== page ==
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Jeff Miers’ Gig of the Week: Bernard Fowler and funky friends are ready to 'Rumble'

Here’s a special show that, somewhat inexplicably is flying well beneath the radar. We’ve got some serious musical royalty passing through town to perform an unusual show in an incredibly intimate venue.

Billed as “The Rumble Tour,” the event slated for 7 p.m. Nov. 9 at the Bear’s Den, Seneca Niagara Casino in Niagara Falls, will feature a performance by what is essentially a band that was once known as the IMFs – singer Bernard Fowler, guitarist Stevie Salas, bassist Doug Wimbish and drummer Brian Tichy.

The quartet formed in the 1990s as a super-group of sorts, but its members’ talents are so highly sought after that it has become increasingly rare for them to share the same stage.

Fowler has been a member of the Rolling Stones for some 30 years now, and has also worked with every member of that band on their various solo projects. (If you’ve never heard Fowler sing jazz standards with the Charlie Watts Quintet, you owe it to yourself to do so, post haste.)

Salas is a widely revered guitar virtuoso who, in addition to his own solo career, has worked with George Clinton, Terence Trent D’Arby, and Rod Stewart. Wimbish is a member of Living Color and has played with Mick Jagger, Mos Def, Depeche Mode and dozens more. Tichy is a hard rock drummer with credits including stints with Ozzy Osbourne, Billy Idol and Kenny Wayne Shepherd.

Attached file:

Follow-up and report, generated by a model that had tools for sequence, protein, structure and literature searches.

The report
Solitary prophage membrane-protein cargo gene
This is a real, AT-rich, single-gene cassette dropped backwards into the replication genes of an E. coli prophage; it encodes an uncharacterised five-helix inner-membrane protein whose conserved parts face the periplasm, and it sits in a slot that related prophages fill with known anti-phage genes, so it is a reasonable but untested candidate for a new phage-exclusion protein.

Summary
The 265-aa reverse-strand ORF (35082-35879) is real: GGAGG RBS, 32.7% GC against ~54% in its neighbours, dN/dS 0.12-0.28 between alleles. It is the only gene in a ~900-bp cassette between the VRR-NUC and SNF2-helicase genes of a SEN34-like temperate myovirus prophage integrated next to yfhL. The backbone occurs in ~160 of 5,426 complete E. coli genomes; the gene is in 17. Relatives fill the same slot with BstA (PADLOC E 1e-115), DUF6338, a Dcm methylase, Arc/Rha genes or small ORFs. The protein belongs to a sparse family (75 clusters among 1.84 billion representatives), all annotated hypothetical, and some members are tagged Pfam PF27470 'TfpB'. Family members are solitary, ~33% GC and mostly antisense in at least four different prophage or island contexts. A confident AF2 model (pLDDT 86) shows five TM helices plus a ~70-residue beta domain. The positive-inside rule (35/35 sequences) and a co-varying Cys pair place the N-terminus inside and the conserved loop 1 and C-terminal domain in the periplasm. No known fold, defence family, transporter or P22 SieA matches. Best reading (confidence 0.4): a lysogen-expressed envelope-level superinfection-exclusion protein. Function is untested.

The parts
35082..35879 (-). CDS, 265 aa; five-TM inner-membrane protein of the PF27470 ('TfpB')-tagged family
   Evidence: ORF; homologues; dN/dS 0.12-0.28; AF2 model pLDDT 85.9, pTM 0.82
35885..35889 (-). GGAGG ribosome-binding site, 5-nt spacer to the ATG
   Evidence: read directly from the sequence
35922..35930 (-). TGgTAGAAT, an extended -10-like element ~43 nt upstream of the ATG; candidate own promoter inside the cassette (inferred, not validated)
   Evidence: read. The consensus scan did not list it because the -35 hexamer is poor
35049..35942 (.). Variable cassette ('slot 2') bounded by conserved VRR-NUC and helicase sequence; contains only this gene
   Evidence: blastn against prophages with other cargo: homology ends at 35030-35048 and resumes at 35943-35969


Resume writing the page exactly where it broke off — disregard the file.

When you get these guys in the same room, what gets cooked up is an incredibly spicy gumbo flavored with funk, rock, soul, R&B, hip-hop and whatever else they feel like referencing. It’s exciting stuff, of the sort that can sometimes be summoned by virtuoso musicians dedicated to playing for the greater collective good, and not the individual gratification of the ego.

This Bear’s Den gig is made all the more special by a pre-band screening of the film that gives the tour its name. “Rumble: The Indians Who Rocked the World” is a labor of love for Native American Salas, who co-created and served as executive producer for the film, which celebrates the contributions of indigenous musicians to the history of American music.

This is different, a pleasing deviation from the norm. And different is good. See you there. (Ticketmaster, $45/$55)

Scaling the heights

Man, you've never seen/heard anyone rock the steel pans the way that Jonathan Scales can. Sure, the traditional instrument from Trinidad is perhaps an unusual choice for a soloist steeped in jazz, but Scales and his Fourchestra employ the pans as a passport to a whole world of musical possibilities.

These guys can take it out there, bring it back home safely, and send it back on its way to parts unknown, which is probably why musicians like Mono Neon, Bela Fleck, nearly everyone with the last name Wooten, members of Snarky Puppy, and brothers Oteil and Kofi Burbridge have all played with Scales and/or sung his praises.

The Jonathan Scales Fourchestra and Cold Lazarus perform at 7 p.m. Nov. 13 at Buffalo Iron Works and you should be there, if you can swing it. (Tunestub, $8)

The Jonathan Scales Fourchestra. (


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